• A History of Islam by Ryan Reeves

    FROM TABLETALK | April 2016

    In AD 622, Muhammad and his followers took flight from Mecca to Medina—an event known as the Hijra. This date is seen as the beginning point of the Islamic faith. It is the start not only of the Islamic calendar …Read More

  • Hymnody in the Making: An Interview with Jeff Lippencott and R.C. Sproul by Jeff Lippencott

    FROM TABLETALK | October 2015

    Tabletalk: How did you become interested in composing hymns? R.C. Sproul: During the Reformation, Martin Luther wanted to reform the whole church—primarily at the point of doctrine. But he also said that the life of the church has to …Read More

  • A Whole New World by R.C. Sproul Jr.

    FROM TABLETALK | July 2015

    I’m not the world’s best shopper, and he may well be the hardest man in the world to shop for, and so I cringe each year as Father’s Day, Christmas, or my father’s birthday approaches. This …Read More

  • The Spanish Inquisition by Stephen Nichols

    FROM TABLETALK | July 2015

    In 1492, Ferdinand and Isabella of Spain sponsored Christopher Columbus and his voyage to the New World. But in 1477, they were behind something far more infamous. In that year, the Spanish monarchs petitioned Pope Sixtus IV to revive the …Read More

  • The Goose by Aaron Denlinger

    FROM TABLETALK | July 2015

    If he were prophetic, he must have meant Martin Luther, who shone about a hundred years after.” So wrote John Foxe in his sixteenth-century Book of Martyrs, referring to a statement attributed to the Bohemian reformer Jan Hus on the …Read More

  • The Dawn of Reformation by Burk Parsons

    FROM TABLETALK | July 2015

    The brightest object in the sky, after the sun and moon, is the morning star. It appears about an hour before dawn. John Wycliffe (c. 1330-84) is often called the “Morning Star of the Reformation,” and for good reason, for …Read More

  • The Fifteenth Century by Nicholas Needham

    FROM TABLETALK | August 2015

    The fifteenth century is best known as the age of the Renaissance, which in many ways sowed seeds that would bloom into the sixteenth-century Reformation. This aspect of history was well captured in the sixteenth-century saying “Erasmus [prince of Renaissance …Read More

  • Setting the Stage by Ryan Reeves

    FROM TABLETALK | July 2015

    Of all the centuries of church history, the fifteenth century is one of the most pitiable. In popular imagination, it is a bridge between the medieval and the Reformation worlds. And while it may be important for the journey, few …Read More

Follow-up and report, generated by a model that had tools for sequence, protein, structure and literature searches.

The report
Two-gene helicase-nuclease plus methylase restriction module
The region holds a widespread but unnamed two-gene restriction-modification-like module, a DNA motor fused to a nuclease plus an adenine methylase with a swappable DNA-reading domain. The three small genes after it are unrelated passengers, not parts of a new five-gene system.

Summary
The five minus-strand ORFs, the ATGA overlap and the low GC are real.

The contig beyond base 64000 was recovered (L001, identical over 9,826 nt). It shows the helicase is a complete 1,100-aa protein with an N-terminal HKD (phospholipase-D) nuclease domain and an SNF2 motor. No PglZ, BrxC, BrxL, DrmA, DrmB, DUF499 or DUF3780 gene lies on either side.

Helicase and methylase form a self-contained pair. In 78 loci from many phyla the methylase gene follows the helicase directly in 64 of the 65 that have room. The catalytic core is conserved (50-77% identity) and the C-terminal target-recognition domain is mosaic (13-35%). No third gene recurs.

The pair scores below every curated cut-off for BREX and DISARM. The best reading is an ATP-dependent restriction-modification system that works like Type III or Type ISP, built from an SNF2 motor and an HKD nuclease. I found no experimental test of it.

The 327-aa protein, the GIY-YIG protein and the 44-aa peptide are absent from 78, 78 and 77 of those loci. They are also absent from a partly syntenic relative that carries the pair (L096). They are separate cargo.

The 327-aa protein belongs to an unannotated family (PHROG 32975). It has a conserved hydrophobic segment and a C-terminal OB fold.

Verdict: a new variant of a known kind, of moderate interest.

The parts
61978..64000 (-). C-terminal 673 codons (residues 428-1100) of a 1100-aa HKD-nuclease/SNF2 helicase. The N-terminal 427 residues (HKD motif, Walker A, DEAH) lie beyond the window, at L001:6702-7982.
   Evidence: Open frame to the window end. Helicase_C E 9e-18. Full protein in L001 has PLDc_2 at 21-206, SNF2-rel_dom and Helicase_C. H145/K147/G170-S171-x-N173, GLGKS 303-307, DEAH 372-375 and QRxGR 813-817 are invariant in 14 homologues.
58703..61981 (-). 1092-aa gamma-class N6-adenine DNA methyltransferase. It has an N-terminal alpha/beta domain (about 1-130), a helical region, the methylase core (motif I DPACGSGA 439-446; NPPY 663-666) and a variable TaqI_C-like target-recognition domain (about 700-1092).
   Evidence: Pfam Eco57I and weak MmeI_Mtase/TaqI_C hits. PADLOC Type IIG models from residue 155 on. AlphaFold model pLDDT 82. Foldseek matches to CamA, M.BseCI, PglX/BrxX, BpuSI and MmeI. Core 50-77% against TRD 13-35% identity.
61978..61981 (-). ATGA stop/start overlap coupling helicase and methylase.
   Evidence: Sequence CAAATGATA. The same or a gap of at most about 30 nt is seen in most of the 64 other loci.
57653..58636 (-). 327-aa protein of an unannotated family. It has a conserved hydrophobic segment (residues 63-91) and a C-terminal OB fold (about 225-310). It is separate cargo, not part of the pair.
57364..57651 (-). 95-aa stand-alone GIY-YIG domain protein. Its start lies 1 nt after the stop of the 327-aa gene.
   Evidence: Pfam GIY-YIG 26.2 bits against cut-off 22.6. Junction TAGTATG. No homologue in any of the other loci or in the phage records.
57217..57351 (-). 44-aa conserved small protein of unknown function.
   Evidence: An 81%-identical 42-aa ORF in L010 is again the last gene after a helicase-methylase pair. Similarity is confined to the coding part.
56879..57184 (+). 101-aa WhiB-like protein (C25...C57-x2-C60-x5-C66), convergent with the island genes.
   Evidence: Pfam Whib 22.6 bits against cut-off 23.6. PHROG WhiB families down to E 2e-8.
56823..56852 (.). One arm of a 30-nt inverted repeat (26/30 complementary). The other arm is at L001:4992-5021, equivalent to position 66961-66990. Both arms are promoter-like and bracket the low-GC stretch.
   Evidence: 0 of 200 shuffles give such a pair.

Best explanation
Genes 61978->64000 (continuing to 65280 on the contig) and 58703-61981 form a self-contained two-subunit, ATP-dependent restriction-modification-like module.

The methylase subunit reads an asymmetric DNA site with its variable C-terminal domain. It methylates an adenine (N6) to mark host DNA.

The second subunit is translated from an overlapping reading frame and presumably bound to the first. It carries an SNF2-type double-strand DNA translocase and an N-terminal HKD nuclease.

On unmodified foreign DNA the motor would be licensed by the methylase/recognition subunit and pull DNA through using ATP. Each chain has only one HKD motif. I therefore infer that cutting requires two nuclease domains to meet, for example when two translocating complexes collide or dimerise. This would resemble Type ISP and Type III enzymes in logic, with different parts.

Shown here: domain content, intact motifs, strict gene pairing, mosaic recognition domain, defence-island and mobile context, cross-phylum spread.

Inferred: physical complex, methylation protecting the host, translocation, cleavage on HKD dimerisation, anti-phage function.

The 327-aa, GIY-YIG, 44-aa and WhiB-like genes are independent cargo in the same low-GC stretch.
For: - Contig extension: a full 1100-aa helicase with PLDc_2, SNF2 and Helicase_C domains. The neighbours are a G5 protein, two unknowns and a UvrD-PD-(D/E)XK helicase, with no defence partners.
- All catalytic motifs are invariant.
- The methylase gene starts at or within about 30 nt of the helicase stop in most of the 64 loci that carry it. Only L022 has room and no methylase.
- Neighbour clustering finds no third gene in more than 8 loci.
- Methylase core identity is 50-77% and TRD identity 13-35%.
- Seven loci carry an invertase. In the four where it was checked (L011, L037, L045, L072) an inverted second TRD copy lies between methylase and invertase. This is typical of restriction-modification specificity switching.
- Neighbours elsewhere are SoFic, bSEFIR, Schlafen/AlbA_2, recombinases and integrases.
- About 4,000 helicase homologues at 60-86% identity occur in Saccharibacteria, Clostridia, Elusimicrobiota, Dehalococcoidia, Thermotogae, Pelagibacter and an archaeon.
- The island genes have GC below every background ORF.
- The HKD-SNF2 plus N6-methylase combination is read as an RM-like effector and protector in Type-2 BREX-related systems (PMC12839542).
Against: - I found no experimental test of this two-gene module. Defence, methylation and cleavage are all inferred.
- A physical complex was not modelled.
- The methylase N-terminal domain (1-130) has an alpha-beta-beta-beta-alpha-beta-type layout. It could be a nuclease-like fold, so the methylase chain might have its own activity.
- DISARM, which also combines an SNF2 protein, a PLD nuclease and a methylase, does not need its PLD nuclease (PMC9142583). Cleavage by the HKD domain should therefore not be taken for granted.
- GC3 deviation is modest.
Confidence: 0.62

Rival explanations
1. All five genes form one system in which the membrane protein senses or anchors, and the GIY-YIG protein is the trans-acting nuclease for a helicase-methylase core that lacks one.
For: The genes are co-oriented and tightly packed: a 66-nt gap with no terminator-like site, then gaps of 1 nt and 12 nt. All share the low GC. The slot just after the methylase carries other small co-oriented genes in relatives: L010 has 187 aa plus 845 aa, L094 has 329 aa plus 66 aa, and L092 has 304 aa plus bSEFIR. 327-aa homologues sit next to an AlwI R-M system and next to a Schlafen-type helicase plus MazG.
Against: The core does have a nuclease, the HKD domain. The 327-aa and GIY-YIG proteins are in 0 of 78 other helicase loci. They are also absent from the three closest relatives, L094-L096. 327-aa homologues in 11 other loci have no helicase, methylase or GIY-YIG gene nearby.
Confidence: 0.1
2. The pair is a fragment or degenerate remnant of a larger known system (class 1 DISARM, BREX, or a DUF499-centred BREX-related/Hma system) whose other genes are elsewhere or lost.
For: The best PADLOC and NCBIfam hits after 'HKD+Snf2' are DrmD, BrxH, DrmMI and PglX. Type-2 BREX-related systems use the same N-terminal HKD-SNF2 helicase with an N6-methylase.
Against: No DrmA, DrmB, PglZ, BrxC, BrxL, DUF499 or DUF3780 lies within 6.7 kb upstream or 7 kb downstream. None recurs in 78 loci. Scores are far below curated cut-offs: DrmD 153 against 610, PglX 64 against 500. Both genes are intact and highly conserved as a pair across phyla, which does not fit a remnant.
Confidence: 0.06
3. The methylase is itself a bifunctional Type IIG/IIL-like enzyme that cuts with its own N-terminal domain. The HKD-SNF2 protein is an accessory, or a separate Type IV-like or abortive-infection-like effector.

• Where Did I Go Wrong? by Robert Rothwell

    FROM TABLETALK | May 2015

    It’s a thrilling episode—Martin Luther, standing before the Diet of Worms, the only faithful Christian in his day, proclaiming his God-given right to read the Bible however he saw fit: “Unless I am convinced by my self-determined understanding of …Read More

  • Always Changing? by William W. Goligher

    FROM TABLETALK | November 2014

    The phrase semper reformanda has been translated to mean “always changing” and hijacked in the interests of change for the sake of change. To many, this means that everything—from what we believe to how we conduct ourselves in a fast-changing …Read More

  • The True Reformers by Burk Parsons

    FROM TABLETALK | November 2014

    Semper reformanda has been hijacked. It is one of the more abused, misused, and misunderstood slogans of our day. Progressives have captured and mutilated the seventeenth-century motto and have demanded that our theology, our churches, and our confessions be always …Read More

  • Always Abusing Semper Reformanda by R. Scott Clark

    FROM TABLETALK | November 2014

    The Reformation churches have some wonderful slogans that are chock full of important truths. Sometimes, however, these slogans can be misconstrued, misreported, and misunderstood. With the possible exception of sola Scriptura (by Scripture alone), none of these slogans has been …Read More

  • Ideally Speaking by David Hall

    FROM TABLETALK | November 2014

    Most Westerners have forgotten their Latin, if they ever knew it. If they’re not careful, therefore, they may confuse the Latin motto ecclesia reformata, semper reformanda with the U.S. Marines’ motto, Semper fi. There could be worse things …Read More

  • What Semper Reformanda Is and Isn’t by Carl R. Trueman

    FROM TABLETALK | November 2014

    There are many familiar phrases with which everyone would agree. “It would be a good thing to eliminate world poverty” is one that comes to mind. What is interesting, of course, is that while there may be agreement on the …Read More

  • Semper Reformanda in its Historical Context by W. Robert Godfrey

    FROM TABLETALK | November 2014

    The phrase ecclesia reformata, semper reformanda (the church reformed, always reforming) has been used so often as to make it a motto or slogan. People have used it to support a surprising array of theological and ecclesiastical programs and purposes …Read More